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Mercenary linked to Thatcher guilty.

Byline: By Michael Woods

An ex-SAS mercenary linked to Sir Mark Thatcher in a supposed failed African coup was yesterday convicted of arms offences.

Simon Mann, 51, said to be the ringleader of a plot to topple the government of oil-rich Equatorial Guinea, was convicted in a Zimbabwe court of trying to buy weapons from Zimbabwe's state arms manufacturer.

Sir Mark, son of former Prime Minister Lady Thatcher, continued to be held under house arrest in South Africa accused of backing Mann's plan to overthrow the regime of President Teodoro Obiang in the west African state.

Problems for Sir Mark, 51, who denies any involvement, worsened as Equatorial Guinea ( which employs the death penalty for serious crimes ( said it had asked for him to be extradited.

Lawyers for Sir Mark and a spokesman for prosecutors in South Africa said the request appeared to have little chance of success.

Lady Thatcher arrived back in London from a holiday in the United States but made no comment on the furore.

Mann, an Old Etonian and former SAS officer, admitted trying to order assault rifles, grenades, anti-tank rocket launchers and other weapons from the Zimbabwe Defence Industries ( an offence punishable by up to 10 years in prison.

But magistrate Mishrod Guvamombe said prosecutors had failed to prove their case against 64 other men arrested when their ageing Boeing 727 landed at Harare International Airport on March 7 and against two already in Zimbabwe with Mann at the time. He also acquitted Mann of a charge of taking possession of the weapons.

Prosecutors had already dropped weapons charges against the plane's three-man crew.

But all 67 aboard have pleaded guilty to immigration and aviation violations carrying a maximum penalty of two years in jail and a fine.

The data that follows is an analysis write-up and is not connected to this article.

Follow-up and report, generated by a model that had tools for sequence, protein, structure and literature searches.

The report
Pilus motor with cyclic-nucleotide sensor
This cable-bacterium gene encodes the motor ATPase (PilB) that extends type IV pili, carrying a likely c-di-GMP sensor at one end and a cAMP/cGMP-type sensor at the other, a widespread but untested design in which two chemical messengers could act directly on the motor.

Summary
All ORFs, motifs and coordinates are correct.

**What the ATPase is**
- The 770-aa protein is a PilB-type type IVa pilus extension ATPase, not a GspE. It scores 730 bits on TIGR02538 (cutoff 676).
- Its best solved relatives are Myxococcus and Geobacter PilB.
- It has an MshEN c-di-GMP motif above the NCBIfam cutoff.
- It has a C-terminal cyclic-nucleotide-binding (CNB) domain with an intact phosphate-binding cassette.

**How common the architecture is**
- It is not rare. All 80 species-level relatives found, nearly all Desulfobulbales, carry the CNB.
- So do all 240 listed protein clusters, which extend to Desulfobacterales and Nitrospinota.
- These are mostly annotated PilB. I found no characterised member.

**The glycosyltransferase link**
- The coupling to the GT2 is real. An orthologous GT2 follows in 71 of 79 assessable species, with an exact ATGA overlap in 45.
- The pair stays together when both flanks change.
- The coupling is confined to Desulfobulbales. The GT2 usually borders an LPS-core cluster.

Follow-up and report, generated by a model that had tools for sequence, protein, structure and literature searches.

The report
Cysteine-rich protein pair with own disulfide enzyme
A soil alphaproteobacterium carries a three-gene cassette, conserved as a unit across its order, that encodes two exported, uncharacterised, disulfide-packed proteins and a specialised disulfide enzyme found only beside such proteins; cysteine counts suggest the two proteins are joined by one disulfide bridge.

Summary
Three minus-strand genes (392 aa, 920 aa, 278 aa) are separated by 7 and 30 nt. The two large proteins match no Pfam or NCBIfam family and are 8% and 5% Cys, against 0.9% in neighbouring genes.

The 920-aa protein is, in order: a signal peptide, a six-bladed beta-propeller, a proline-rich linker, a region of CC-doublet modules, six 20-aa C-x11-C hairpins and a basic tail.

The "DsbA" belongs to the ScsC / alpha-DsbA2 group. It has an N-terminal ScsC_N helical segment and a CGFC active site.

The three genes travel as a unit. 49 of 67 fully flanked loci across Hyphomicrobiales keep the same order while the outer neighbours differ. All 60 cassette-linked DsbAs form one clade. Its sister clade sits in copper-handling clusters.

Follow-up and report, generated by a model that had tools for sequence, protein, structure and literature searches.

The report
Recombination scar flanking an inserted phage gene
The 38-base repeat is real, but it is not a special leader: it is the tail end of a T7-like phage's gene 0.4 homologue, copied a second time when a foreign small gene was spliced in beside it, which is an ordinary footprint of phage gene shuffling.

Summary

Prosecutors say Equatorial Guinea's Spanish-based rebel leader, Severo Moto, offered the group pounds 1m and oil rights to overthrow the regime.

The suspects say they were heading for jobs protecting a mining operation in war-torn eastern Congo, and Mann testified that is what the weapons were for. Any purchase of "weapons of war" not sanctioned by the government is illegal under legislation in Zimbabwe.

All the accused were remanded in custody until September 10, when sentencing will begin.

Sir Mark, who was arrested at his Cape Town home on Wednesday, faces the possibility of 15 years in jail after being accused of violating South Africa's anti-mercenary law in connection with the alleged coup attempt.

* Disgraced peer Lord Archer has also been dragged into the affair. Reports say a J H Archer paid pounds 74,000 into a Guernsey bank account held by Mann just four days before his arrest.

Lord Archer has denied, through his lawyers, that he knows, has met or communicated with Mann, or that he had prior knowledge of any alleged coup in Equatorial Guinea.

He also denies having met or spoken to Sir Mark for about 10 years.
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Publication:The Journal (Newcastle, England)
Date:Aug 28, 2004
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